9.1.1 Project Directory Structure
Before starting to write code for any project, you need to decide on
the directory structure you will use to organise the code. I like to
build each component of a project in its own subdirectory, and to keep
the configuration sources separate from the source code. The great
majority of GNU projects I have seen use a similar method, so
adopting it yourself will likely make your project more familiar to your
developers by association.
The top level directory is used for configuration files, such as
`configure' and `aclocal.m4', and for a few other sundry
files, `README' and a copy of the project license for example.
Any significant libraries will have a subdirectory of their own,
containing all of the sources and headers for that library along with a
`Makefile.am' and anything else that is specific to just that
library. Libraries that are part of a small like group, a set of
pluggable application modules for example, are kept together in a single
The sources and headers for the project's main application will be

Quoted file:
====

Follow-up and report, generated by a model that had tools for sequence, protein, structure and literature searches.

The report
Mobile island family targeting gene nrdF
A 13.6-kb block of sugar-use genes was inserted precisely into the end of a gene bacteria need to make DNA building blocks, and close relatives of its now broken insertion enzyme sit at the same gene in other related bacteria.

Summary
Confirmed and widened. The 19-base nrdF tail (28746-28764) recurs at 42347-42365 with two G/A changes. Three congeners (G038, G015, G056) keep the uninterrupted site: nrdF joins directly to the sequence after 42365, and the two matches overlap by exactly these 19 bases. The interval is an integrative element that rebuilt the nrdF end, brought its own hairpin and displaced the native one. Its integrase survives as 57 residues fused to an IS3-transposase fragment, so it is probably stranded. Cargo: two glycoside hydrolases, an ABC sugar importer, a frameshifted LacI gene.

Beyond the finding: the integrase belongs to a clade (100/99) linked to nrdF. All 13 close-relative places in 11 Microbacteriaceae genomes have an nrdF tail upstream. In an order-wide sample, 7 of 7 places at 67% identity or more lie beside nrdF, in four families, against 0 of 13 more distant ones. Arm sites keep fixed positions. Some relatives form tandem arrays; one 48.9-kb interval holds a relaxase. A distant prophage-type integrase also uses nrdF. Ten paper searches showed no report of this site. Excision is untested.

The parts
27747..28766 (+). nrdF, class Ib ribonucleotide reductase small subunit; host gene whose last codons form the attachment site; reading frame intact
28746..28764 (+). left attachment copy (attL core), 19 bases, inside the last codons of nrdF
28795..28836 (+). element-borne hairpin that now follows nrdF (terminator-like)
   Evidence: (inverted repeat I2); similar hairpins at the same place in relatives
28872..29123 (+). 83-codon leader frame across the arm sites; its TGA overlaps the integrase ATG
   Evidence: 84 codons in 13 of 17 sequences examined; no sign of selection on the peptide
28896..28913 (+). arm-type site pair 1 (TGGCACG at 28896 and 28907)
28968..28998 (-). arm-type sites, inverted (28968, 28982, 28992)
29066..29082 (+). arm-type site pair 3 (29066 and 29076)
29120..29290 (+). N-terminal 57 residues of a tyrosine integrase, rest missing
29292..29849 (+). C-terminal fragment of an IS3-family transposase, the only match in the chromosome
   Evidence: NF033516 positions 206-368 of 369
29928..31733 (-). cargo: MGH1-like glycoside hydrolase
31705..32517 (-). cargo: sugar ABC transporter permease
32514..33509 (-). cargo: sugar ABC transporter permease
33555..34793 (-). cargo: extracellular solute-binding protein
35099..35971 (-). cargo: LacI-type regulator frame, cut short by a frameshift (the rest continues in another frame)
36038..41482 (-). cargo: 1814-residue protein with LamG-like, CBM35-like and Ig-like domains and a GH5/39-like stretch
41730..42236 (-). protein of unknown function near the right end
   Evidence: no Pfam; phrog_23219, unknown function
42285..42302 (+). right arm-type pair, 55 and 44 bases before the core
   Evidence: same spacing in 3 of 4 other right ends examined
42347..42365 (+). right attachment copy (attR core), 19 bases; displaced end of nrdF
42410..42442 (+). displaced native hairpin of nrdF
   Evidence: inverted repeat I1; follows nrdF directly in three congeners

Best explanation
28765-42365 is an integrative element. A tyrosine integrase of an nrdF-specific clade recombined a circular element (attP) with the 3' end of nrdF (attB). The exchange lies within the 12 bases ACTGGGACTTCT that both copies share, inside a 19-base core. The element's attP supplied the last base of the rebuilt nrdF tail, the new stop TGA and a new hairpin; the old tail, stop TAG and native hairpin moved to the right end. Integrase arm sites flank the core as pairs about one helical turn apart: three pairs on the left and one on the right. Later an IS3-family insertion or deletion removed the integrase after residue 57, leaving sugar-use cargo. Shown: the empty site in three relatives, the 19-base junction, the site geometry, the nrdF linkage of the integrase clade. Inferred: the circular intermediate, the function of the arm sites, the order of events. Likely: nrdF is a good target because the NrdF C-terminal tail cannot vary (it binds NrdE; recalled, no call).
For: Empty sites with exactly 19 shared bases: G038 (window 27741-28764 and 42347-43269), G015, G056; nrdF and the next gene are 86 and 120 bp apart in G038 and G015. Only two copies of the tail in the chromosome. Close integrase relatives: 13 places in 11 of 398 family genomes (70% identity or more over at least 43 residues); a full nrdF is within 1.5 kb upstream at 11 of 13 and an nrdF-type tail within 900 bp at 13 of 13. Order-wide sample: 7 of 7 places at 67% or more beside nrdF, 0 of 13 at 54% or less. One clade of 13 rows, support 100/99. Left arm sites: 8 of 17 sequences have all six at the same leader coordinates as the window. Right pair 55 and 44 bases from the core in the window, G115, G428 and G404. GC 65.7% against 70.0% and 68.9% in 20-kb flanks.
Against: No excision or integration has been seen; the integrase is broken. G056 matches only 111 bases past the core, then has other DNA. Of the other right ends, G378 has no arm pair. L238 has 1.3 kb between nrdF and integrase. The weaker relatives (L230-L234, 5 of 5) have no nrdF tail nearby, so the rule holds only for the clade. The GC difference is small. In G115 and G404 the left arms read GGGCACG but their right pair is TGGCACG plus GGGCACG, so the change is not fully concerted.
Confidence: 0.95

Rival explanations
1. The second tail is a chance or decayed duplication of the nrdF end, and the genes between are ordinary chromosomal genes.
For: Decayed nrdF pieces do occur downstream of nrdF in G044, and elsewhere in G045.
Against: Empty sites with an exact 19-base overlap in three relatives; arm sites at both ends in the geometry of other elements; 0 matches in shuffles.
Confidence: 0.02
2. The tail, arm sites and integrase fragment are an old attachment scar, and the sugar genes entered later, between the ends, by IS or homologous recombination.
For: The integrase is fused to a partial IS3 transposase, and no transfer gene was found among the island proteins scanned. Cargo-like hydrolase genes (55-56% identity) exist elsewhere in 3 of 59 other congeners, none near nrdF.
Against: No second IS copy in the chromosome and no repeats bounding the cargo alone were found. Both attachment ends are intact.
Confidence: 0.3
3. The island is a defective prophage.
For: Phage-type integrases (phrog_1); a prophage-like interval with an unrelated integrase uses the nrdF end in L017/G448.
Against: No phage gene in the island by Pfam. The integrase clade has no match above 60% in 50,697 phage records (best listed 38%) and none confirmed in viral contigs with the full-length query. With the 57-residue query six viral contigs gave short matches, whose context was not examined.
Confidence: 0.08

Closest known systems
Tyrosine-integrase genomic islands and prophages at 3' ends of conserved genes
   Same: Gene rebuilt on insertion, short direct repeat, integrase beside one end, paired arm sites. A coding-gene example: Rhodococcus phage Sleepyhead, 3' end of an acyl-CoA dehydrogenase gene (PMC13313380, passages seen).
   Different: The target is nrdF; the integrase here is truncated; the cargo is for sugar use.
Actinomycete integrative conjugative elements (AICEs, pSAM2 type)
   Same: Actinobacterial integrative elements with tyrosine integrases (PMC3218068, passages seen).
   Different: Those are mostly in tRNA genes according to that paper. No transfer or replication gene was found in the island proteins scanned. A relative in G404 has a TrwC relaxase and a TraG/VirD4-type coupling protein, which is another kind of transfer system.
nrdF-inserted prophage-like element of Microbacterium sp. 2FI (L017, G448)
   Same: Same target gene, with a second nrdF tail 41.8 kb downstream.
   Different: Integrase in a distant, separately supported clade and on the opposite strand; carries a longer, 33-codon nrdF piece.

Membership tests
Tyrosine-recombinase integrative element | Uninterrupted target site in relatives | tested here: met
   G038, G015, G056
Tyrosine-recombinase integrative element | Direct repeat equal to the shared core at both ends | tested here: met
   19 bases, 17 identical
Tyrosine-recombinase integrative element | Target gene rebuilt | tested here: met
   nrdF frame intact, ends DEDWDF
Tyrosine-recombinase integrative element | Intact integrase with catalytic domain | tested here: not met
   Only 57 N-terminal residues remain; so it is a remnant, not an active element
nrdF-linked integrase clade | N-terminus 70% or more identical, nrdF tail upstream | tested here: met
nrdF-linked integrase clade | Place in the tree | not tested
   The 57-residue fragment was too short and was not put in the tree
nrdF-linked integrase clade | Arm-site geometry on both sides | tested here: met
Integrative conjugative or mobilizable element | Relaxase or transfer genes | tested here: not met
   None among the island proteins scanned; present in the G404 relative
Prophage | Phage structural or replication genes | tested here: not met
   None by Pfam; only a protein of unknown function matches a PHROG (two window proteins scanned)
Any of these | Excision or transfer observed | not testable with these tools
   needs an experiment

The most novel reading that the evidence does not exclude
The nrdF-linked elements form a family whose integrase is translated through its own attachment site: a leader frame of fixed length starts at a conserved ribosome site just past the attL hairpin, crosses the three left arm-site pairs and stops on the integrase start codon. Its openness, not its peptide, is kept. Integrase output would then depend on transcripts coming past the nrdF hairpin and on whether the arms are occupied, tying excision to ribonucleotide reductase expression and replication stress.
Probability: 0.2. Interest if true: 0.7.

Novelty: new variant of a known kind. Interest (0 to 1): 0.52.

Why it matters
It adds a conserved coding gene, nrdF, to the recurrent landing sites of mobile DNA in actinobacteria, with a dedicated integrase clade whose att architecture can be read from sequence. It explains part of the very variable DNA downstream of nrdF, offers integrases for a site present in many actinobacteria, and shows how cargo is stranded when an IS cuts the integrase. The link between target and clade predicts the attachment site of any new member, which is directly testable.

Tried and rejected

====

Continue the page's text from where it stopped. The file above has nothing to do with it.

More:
stored in yet another subdirectory, traditionally named `src'. There
are other conventional directories your developers might expect too: A
`doc' directory for project documentation; and a `test'
directory for the project self test suite.
To keep the project top-level directory as uncluttered as possible, as I
like to do, you can take advantage of Autoconf's
`AC_CONFIG_AUX_DIR' by creating another directory, say
`config', which will be used to store many of the GNU Autotools
intermediate files, such as
install-sh. I always store all
project specific Autoconf M4 macros to this same subdirectory.
So, this is what you should start with:
$ ls -F
Makefile.am config/ configure.in lib/ test/
README configure* doc/ src/